According to a Nov. 28 story in the Salt Lake Tribune, the town extended the NSA discounted rates below its own guidelines and the average in Utah to secure a contract with the spy agency. Bluffdale also issued a $3.5 million bond to pay for new water lines and infrastructure to supply the sprawling data center.
The NSA is expected to use an estimated 1.7 million gallons of water per day to cool its spy computers.
Bluffdale officials say the water deal was all in the name of economic development, and the new infrastructure will open the door to growth in the area around the spy center.
“It got us a ton of infrastructure, water infrastructure, in places we wouldn’t have it,” Bluffdale City Manager Mark Reid told the Salt Lake Tribune.
Tenth Amendment Center national communications director Mike Maharrey said he understands the desire to spur economic development, but not at any cost.
“Claiming economic development doesn’t automatically justify every action,” he said. “How would people react if it was 1943 and the city was supplying water to an internment camp caging Japanese-Americans? It’s really the same thing. The NSA is blatantly violating basic rights protected by the Constitution. The city is selling out its own citizens, the people of Utah and all of America for a few economic development dollars. It’s pretty disgusting when you think about it.”
The paper obtained three years worth of emails provided by the city through an open records request. The NSA heavily redacted the correspondence, but reporters managed to piece together the deal Bluffdale offered to secure the water contract. The city typically sells water on a three tiered pricing system, with rates rising as consumption levels increase. Instead of charging the NSA at the top rate, Bluffdale offered a contract guaranteeing a rate in the second tier no matter how much water the agency consumes. Instead of paying $3.25 per 1,000 gallons for amounts over 100,000 gallons, the NSA pays $1.95 per gallon regardless of its usage. The agency must also pay a 10 cent per 1,000 gallon surcharge for customers at an elevation of over 4,500 feet, raising its rate to $2.05 per 1,000 gallons.
The Salt Lake Tribune reports, “According to a 2011 survey by the Utah Division of Drinking Water, the average rate for culinary water is $2.09 per 1,000 gallons.”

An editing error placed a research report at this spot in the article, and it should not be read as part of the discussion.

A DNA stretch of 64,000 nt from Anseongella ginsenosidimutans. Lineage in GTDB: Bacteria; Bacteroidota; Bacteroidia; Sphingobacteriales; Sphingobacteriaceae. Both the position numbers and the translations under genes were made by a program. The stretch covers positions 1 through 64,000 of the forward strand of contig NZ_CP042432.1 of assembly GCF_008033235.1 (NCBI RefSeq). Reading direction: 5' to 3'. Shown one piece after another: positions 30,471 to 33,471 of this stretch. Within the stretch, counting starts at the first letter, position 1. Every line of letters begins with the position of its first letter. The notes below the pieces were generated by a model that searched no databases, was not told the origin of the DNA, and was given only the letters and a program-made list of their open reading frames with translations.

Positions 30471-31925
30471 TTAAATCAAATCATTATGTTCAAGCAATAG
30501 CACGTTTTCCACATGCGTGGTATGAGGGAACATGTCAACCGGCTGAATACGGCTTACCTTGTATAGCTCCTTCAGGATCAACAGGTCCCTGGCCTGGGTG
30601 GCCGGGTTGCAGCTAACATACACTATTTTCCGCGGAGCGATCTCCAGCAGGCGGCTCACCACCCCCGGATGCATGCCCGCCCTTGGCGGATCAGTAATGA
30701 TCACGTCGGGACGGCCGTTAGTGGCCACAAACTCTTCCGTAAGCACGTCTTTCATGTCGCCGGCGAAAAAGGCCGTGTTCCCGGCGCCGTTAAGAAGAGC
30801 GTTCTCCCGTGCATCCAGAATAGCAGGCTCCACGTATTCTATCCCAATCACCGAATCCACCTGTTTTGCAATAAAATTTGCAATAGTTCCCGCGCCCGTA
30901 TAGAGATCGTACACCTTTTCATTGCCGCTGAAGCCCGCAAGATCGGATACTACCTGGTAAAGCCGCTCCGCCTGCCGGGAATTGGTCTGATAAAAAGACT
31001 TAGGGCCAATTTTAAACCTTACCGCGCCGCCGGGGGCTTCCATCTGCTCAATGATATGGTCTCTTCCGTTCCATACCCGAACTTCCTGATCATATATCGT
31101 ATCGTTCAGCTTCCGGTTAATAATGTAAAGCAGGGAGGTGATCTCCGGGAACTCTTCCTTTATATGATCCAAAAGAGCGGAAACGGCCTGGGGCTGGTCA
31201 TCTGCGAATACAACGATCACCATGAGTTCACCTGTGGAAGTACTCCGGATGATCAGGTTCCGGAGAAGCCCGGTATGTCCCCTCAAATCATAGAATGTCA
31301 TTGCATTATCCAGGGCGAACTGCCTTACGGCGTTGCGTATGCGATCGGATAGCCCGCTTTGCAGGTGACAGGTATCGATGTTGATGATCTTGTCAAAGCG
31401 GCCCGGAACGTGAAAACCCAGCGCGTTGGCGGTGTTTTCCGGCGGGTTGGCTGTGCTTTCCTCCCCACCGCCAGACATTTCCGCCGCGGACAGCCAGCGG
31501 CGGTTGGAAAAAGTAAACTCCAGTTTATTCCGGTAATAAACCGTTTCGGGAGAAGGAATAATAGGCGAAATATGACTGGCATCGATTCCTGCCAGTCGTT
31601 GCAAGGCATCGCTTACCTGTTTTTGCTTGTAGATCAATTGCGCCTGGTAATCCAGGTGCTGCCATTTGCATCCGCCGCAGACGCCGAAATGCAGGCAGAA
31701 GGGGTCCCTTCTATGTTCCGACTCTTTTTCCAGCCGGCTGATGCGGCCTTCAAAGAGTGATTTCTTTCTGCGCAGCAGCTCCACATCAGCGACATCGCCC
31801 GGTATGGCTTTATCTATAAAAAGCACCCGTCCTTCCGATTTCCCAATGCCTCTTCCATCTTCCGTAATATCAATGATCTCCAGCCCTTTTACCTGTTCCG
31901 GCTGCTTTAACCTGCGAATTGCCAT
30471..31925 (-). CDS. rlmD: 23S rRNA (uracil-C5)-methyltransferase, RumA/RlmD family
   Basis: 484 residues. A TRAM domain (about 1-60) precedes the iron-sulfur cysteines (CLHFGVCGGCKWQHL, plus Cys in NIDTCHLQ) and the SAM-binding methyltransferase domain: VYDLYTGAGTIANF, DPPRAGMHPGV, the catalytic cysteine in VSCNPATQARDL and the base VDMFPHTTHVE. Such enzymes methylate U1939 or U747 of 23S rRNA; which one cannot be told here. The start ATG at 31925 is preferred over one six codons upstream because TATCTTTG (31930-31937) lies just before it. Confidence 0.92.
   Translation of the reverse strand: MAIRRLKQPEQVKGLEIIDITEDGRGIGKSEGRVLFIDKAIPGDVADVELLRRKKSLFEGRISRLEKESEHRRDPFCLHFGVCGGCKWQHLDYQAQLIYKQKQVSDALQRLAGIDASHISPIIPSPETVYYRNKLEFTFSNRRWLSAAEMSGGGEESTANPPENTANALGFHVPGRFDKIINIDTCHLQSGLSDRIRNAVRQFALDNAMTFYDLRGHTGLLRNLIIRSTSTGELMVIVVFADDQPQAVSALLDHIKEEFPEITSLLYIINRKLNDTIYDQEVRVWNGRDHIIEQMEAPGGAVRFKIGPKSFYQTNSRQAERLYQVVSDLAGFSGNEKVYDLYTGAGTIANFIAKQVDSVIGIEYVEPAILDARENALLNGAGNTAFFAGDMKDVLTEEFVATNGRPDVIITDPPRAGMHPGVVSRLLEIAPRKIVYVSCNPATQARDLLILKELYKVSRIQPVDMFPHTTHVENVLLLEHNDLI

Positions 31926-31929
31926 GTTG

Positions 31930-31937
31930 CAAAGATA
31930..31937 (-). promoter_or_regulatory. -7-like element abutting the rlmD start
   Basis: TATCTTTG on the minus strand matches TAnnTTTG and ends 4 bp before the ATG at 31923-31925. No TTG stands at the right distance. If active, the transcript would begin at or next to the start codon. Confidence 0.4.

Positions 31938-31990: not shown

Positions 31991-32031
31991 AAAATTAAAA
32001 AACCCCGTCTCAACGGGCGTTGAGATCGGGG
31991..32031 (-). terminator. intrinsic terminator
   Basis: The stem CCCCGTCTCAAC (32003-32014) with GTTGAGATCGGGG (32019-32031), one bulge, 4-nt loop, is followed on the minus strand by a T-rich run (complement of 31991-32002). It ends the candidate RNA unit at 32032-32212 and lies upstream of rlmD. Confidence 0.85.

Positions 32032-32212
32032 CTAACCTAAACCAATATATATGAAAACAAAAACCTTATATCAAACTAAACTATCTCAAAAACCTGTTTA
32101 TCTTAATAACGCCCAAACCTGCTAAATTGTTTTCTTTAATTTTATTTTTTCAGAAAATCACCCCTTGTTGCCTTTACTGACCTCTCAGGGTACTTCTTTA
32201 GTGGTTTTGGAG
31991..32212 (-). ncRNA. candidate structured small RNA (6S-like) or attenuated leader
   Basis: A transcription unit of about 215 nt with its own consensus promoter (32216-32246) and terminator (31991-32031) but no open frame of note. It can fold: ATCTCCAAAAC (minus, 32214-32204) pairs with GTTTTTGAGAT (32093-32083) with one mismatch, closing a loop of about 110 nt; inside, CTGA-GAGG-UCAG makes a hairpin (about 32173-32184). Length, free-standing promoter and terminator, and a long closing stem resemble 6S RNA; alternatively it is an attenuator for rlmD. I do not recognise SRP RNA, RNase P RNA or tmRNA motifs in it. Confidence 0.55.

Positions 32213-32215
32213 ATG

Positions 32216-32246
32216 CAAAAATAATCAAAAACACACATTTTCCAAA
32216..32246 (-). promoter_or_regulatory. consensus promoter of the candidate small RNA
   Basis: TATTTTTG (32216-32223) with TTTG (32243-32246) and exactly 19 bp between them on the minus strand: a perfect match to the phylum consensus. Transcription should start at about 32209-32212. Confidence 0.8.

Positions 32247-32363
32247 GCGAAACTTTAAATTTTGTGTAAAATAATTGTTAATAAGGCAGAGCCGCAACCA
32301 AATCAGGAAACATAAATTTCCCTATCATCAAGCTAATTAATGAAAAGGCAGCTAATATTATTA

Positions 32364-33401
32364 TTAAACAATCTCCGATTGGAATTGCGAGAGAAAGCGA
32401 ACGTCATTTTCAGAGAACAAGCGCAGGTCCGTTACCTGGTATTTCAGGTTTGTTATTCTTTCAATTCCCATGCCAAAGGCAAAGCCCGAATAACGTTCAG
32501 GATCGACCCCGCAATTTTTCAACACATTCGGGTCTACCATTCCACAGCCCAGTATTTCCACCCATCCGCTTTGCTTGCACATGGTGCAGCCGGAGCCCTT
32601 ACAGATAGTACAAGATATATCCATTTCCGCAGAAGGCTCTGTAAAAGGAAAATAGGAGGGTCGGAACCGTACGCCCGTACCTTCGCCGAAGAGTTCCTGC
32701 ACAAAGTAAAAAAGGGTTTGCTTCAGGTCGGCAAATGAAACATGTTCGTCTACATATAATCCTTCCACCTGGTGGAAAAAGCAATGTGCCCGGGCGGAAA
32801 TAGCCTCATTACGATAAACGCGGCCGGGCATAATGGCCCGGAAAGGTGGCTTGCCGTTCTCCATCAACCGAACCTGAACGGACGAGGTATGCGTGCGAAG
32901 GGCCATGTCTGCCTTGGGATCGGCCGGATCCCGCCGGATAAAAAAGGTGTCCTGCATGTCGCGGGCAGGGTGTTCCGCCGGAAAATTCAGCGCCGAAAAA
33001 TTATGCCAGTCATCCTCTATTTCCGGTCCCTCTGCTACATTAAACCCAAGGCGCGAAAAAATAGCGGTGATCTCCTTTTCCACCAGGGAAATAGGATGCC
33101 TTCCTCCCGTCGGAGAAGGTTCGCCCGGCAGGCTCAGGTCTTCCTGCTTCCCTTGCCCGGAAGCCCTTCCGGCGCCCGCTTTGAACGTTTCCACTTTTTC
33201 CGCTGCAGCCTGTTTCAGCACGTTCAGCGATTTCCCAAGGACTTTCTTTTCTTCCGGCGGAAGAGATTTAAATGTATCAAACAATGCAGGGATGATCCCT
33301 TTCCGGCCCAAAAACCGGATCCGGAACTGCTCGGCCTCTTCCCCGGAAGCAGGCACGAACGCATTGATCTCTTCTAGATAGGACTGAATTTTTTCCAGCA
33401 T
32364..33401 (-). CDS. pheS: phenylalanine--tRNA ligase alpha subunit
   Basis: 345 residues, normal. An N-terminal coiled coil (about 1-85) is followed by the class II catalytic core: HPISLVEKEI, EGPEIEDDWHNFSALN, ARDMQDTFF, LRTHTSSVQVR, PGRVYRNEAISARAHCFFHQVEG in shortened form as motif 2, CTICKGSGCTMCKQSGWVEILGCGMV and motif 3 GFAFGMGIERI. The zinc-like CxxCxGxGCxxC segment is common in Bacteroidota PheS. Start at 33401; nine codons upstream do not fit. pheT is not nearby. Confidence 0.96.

The deal also requires the NSA pay a monthly maintenance fee and guarantees a minimum payment each month. Bluffdale officials say the deal insures the city can cover its new bond debt.
The OffNow coalition has developed model legislation that could force the Bluffdale to shut off the flow of water to the NSA data center, and prevent other state and city governments from offering the spy agency similar sweetheart deals.
The Salt Lake Tribune incorrectly reported a perceived error in the OffNow.org messaging, saying, “most of the literature the coalition has published incorrectly refers to the state supplying water to the Utah Data Center.”
But, in fact, the coalition correctly asserts that “the state of Utah” supplies the water.
“Bluffdale is a political subdivision of the state of Utah,” Tenth Amendment Center founder and executive director Michael Boldin said. “In other words, it exists as part of the state government and is not independent. So, anything Bluffdale does ultimately is the responsibility of the state government – it has the final responsibility according to the state constitution.”
According to the Salt Lake Tribune, Bluffdale and the NSA signed the 10-year contract on Sept. 30, 2011. Reid appears to believe this contract is the end of the story, implying that he wouldn’t turn the water off to the NSA Data Center without starving out local residents as well.
“We can turn [the Utah Data Center] water off,” Reid said, “as long as we turn everyone else in Bluffdale’s water off.”
About the contract with the NSA, Boldin added:
“Contracts to engage in illegal activity are not valid contracts. They aren’t upheld in court. Anyone making a blanket claim that NSA is acting legally is just plain nuts. So the Utah legislature can do something about the water in Bluffdale”
Boldin also pointed out the Utah state constitution specifies that a local government can operate public utilities “local in extent and use” – “subject to restrictions imposed by general law for the protection of other communities.”
“Passage of the 4th Amendment Protection Act in Utah would ban all political subdivisions from providing material support to NSA’s mass surveillance program. As per the state constitution, this would qualify as a “general law” to act as a “protection of other communities” regarding the use of public utilities by a local government,” he said. “Then we’ll see how it plays out with the force of the state law versus the contract signed by Bluffdale under the assumption that the NSA would be acting legally. Because that’s the assumption of any legal contract in the first place. The NSA is not acting legally.”
To get involved in stopping unconstitutional NSA spying, visit OffNow.org.